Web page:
"The marketing benefits of the free terminal concept will allow ISOs to double or even triple their sales potential ... .

"There are no 'gotchas' to this program. There are no hidden rental fees, hidden leases or application fees. And we do restructure our already successful ISO/MLS revenue sharing program.

"To complement the free NURIT 8320 program we are also offering a free signature capture pad and a free check reader. One of the first obvious implications to this program is the lost 'up-front' income from selling or leasing the equipment.

"That is why we are paying an additional $100 bonus on top of our established residual program. The end result being our ISO and MLS partners will be able to build a lucrative residual portfolio two to three times faster with unprecedented merchant retention and award-winning customer service and technical support ... . "I believe that signature capture will replace the debit PIN-pad as the new "lead-in" sales product for 2005. The cost is minimal, the benefits of the service are dramatic and existing merchants and MLSs will embrace it."

Allen Kopelman, Nationwide Payment Systems

"Our goal for this year is to grow our local sales force and continue to grow our reputation and business in the local area in South Florida. We are rolling out several value-added programs to entice merchants to do their processing through us.

"Gift cards will be in a growth period for many years to come, and coming up with innovative ways to package it with merchant services is the key.

"IP terminals will be big as soon as the phone companies make it more affordable and available and the processors are all IP-ready and lower the transaction fee cost as an incentive for a merchant to buy a new terminal ... .

"In this business ... It's all a numbers game. Go out and sell and network, and you will be successful."

Doug McNary, First Data Merchant Services

"It can be overwhelming to think about all there is to learn in the electronic payments industry. Navigating through Association rules, regulatory compliance, litigation and new technology can be daunting tasks.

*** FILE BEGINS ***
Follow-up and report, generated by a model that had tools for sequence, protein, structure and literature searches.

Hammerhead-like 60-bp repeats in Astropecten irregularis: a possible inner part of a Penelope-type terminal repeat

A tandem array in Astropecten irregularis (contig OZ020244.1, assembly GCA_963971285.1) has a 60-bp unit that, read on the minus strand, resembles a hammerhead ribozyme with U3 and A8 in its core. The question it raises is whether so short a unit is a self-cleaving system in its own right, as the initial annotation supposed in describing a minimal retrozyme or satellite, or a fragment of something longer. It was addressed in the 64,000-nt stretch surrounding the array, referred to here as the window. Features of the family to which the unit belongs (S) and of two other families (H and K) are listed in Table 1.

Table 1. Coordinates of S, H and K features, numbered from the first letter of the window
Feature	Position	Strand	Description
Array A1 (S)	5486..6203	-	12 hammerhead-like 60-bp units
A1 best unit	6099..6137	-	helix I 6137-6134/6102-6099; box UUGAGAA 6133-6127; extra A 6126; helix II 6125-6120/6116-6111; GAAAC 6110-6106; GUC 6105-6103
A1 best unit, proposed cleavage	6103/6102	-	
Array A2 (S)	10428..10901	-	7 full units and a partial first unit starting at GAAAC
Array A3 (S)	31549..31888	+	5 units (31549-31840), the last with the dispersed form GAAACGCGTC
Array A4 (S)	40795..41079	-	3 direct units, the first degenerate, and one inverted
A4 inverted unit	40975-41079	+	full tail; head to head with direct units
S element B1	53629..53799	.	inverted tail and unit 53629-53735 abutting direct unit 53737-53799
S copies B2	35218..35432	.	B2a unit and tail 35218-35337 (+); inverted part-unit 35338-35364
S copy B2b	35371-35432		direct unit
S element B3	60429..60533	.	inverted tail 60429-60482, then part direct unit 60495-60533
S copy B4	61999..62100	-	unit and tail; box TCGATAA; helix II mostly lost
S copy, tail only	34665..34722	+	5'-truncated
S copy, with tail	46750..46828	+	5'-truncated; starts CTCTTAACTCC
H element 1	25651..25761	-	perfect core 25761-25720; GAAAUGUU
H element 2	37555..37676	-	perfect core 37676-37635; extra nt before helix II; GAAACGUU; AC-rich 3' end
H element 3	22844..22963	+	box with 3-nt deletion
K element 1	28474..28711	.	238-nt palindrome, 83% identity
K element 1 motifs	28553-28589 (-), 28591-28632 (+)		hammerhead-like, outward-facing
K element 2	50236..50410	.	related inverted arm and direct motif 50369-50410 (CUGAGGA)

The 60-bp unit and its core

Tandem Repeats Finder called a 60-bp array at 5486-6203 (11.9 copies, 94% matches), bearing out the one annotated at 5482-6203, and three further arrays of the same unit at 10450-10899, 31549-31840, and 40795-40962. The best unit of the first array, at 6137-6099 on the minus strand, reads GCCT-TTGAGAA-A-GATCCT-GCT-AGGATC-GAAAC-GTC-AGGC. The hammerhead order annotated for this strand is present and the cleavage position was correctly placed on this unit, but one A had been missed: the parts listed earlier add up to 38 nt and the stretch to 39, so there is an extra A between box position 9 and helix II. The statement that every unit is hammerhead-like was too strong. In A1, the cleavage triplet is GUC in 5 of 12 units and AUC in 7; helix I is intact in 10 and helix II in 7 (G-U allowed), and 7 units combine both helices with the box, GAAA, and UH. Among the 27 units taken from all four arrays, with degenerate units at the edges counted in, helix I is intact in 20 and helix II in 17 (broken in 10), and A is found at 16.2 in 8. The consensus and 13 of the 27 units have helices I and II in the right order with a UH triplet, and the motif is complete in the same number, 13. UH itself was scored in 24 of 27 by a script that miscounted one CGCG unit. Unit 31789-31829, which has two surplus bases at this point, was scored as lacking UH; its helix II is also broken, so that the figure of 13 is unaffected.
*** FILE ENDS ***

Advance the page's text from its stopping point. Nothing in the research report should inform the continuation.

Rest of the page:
"The industry is now selling to merchants who are very knowledgeable about their payment processing options, thus enabling them to shop around for the best offers.

"Cardservice extensively trains sales agents on all aspects of the industry, providing merchants with the innovative solutions that meet the needs of their business.

"Quick service restaurants (QSR) is still one of the few remaining markets that can provide growth for the electronic payments industry. The market is immense with approximately 110,000 locations and an estimated $129 billion in sales. In the past, the QSR industry was slow to adapt electronic payments.

"Yet with the advanced technology available today and increased consumer demand, more and more QSR merchants are moving towards card acceptance.

"Today over 83% of the QSR locations are owned and operated by franchisees, each with the ability to make their own decisions about the forms of payment they will accept. "The stage is set for tremendous growth for the electronic payments industry in the QSR market. Gift cards, credit and debit will play a significant role in the overall growth of QSR because of their appeal to both the QSR merchant and its customers.

"Opportunities abound when MLSs research and choose a target market, become the expert, and devise a business plan to thrive in that merchant arena.

"By partnering with a company that offers stability, innovation and resources, you provide value to merchants while building a successful portfolio."

Garry O'Neil, Electronic Exchange Systems (EXS)

"EXS plans on staying focused on our core competencies while streamlining and enhancing our internal systems. For 2005, we'll be introducing new advanced payment processing solutions and integration services for our customers.